Terrorism. Let’s talk about it. Because as of late, it has been utterly rampant in this country. What it is, where it is and how it can be stopped if it can be stopped at all? It needs to be recognized and it needs to be called out. By assigning this label to more of what rightfully deserves it, people may be able to better grasp the alarming problem that is occurring in America today.
Merriam Webster defines terrorism as “the unlawful use or threat of violence, especially against the state or the public as a means of attack or coercion.” “Unlawful use or threat of violence.” In essence, if a person was to drive a car into a crowd of people, it would be an act of terror. If a person was to send a hypothetical weapon of destruction to an unsuspecting citizen, it would be an act of terror. If for some completely illogical reason, a person was to open fire upon innocent civilians, it would be an act of terror. Those examples are all “unlawful use[s] or threat[s] of violence.” The pipe bombs, the attack in Charlottesville, the seemingly endless amount of shootings—these are all examples of acts of terrorism. Except that is not what society calls them. We say “hateful crimes,” “grave tragedies” and “violent acts”—the list goes on and on. We refuse to call it terrorism out of fear of the term’s gravity.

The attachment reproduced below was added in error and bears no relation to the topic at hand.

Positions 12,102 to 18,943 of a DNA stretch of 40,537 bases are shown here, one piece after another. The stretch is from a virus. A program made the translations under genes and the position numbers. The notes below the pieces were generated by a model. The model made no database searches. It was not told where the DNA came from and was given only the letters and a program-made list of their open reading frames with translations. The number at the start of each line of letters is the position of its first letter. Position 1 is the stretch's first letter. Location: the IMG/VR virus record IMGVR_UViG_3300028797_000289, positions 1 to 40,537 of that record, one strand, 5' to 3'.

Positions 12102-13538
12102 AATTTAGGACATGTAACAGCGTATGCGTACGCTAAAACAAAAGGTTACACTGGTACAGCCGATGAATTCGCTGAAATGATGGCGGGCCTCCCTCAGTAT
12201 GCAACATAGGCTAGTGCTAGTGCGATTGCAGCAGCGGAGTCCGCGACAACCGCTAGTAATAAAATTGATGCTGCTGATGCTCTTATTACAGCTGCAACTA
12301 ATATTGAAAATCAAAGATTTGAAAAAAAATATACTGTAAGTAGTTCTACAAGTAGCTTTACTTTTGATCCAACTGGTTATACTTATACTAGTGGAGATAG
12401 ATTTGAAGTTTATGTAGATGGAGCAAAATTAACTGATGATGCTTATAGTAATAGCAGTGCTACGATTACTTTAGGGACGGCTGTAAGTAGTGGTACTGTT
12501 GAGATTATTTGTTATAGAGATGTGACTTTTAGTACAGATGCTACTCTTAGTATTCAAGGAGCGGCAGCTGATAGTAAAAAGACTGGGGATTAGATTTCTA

Why? Why is this word so scary to us? Is it because terrorism isn’t supposed to come from one of “our own?" Is it because the people performing these acts aren’t the stereotypical terrorists we’ve come to know? The person who killed twelve people at a bar in Thousand Oaks, CA, was a twenty-eight-year-old white man. The name of the man who shot up the Tree of Life synagogue in Pittsburgh is Germanic in origin. The man who drove his car into a group of protesters at a KKK rally in Charlottesville has been said to be a Neo-Nazi. The man who sent pipe bombs across the nation to the homes of many prominent Democratic politicians was an advocate for President Trump. These men, as well many, many other people who have committed crimes with the intent of senseless violence, don’t look like the men who flew planes into the Twin Towers, or those who left explosives along the route of the Boston Marathon. They don’t have dark, thick beards, they weren’t foreign-born—for the most part, these were white, middle-class American men, not foreigners. And, more importantly, they’re still terrorists. Their race and ethnicity should not exempt them from this term. By definition, they still meet the qualifications. They have still committed acts of (threatened) violence against the state, public, or both. But by societal standards, their ethnicity, their race, their religion—they don’t fit the American image of a "terrorist."